China Launches Tianwen-1 Mission to Mars

by Douglas Messier
Managing Editor

A Long March 5 booster roared off the launch pad from Wenchang on Thursday morning, sending an orbiter, lander and rover to Mars in China’s most ambitious robotic space mission to date.

Chinese media are reporting a successful launch of the Tianwen-1 mission, which is the nation’s first independent attempt to explore the Red Planet.

Tianwen-1’s orbiter, which weighs in at 3,175 kg (7,000 lb), will study the Red Planet with six instruments, including:

  • high-resolution camera (HRC) with a 2-meter resolution
  • medium resolution camera with an 100-meter resolution
  • magnetometer
  • mineral spectrometer
  • subsurface radar
  • ion and neutral particle analyzer.

The solar powered rover, which measures 2 by 1.65 m (6.6 x 5.4 ft) and weighs 240 kg (529 lb), will explore the Utopia Planitia region. The rover’s six instruments include:

  • ground-penetrating radar capable of imaging 100 meters below the surface
  • multi-spectrum camera
  • navigation and topography camera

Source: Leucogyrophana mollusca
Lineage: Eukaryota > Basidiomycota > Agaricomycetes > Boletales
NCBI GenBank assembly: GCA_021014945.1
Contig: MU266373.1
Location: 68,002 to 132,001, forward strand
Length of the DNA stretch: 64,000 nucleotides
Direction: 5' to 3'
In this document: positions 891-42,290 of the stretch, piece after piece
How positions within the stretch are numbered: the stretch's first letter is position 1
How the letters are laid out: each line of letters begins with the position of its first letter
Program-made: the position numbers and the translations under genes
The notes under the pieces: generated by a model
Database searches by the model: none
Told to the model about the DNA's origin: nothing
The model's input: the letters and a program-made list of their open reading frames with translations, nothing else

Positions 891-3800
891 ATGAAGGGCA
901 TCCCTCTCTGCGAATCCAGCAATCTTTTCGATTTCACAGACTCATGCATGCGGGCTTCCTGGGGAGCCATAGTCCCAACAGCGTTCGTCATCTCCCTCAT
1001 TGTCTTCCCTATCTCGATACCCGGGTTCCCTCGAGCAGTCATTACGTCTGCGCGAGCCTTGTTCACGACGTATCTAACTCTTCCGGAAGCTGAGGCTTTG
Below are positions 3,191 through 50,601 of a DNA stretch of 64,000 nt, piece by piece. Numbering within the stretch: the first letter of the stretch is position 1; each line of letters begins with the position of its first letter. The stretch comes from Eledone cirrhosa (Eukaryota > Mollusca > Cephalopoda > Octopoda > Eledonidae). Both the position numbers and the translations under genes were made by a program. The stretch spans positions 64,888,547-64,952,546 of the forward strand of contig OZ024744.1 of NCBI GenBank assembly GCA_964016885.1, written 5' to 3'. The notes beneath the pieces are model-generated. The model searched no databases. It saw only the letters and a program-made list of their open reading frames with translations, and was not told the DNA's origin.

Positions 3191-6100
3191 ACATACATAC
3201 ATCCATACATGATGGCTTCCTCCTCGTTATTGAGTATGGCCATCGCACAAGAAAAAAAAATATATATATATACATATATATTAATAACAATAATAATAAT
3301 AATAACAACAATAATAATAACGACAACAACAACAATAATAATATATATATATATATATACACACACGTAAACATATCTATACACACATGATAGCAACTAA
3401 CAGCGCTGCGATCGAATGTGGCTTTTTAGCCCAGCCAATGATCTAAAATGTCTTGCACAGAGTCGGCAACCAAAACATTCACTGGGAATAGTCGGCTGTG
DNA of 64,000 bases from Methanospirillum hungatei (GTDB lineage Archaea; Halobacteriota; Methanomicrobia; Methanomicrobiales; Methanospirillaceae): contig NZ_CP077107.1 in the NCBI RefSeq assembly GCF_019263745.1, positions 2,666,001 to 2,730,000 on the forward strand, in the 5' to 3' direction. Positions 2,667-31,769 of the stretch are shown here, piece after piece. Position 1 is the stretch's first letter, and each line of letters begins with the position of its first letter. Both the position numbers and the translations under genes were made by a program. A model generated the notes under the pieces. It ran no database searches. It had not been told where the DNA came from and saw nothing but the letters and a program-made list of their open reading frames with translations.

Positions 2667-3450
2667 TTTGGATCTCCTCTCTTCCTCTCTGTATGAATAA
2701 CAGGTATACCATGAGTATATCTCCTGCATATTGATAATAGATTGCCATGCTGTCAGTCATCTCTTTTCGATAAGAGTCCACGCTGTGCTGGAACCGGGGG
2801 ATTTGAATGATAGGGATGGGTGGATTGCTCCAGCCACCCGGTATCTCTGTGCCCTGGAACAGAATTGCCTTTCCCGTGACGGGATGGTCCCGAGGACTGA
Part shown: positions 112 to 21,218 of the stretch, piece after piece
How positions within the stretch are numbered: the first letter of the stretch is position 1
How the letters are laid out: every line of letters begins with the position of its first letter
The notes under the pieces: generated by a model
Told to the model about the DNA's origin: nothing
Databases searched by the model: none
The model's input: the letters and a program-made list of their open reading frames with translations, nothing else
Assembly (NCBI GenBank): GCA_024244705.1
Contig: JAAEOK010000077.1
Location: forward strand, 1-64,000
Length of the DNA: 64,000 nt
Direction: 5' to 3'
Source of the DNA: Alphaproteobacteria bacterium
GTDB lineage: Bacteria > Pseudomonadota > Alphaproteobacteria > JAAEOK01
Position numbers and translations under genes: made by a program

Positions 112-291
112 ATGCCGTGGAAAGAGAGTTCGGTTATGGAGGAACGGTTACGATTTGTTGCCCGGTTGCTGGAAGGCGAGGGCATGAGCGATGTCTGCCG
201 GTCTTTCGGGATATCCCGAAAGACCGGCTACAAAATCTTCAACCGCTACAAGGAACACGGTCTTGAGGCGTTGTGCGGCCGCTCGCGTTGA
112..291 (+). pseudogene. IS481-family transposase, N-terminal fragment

• surface compound detector
  • magnetic field detector
  • meteorological measurement instrument.

The rover will be flown aboard a lander that will use retrorockets, a parachute and an airbag to land on the Martian surface.

Tianwen-1 is the first Mars mission that China has attempted on its own. The Chinese Yinghuo-1 sub-satellite was launched aboard Russia’s Phobos-Grunt mission in November 2011. However, the ambitious mission to the martian moon never left Earth orbit.

Tianwen means heavenly questions or questions to heaven. The mission was developed by the China Aerospace Science and Technology Corporation.

Tianwen-1 is the second of three missions to Mars during the current launch window, which occurs every two years.

The United Arab Emirates Mars Mission, also known as Hope, launched aboard a Japanese H-IIA rocket on July 20. Like Tianwen-1, UAE’s orbiter is set to enter Mars orbit in February 2021.

NASA is scheduled to launch its Perseverance rover to the Red Planet aboard an United Launch Alliance (ULA) Atlas V rocket from Cape Canaveral Air Force Station on July 30. The Mars 2020 mission also includes the Ingenuity helicopter, which will be the first vehicle to fly on another planet.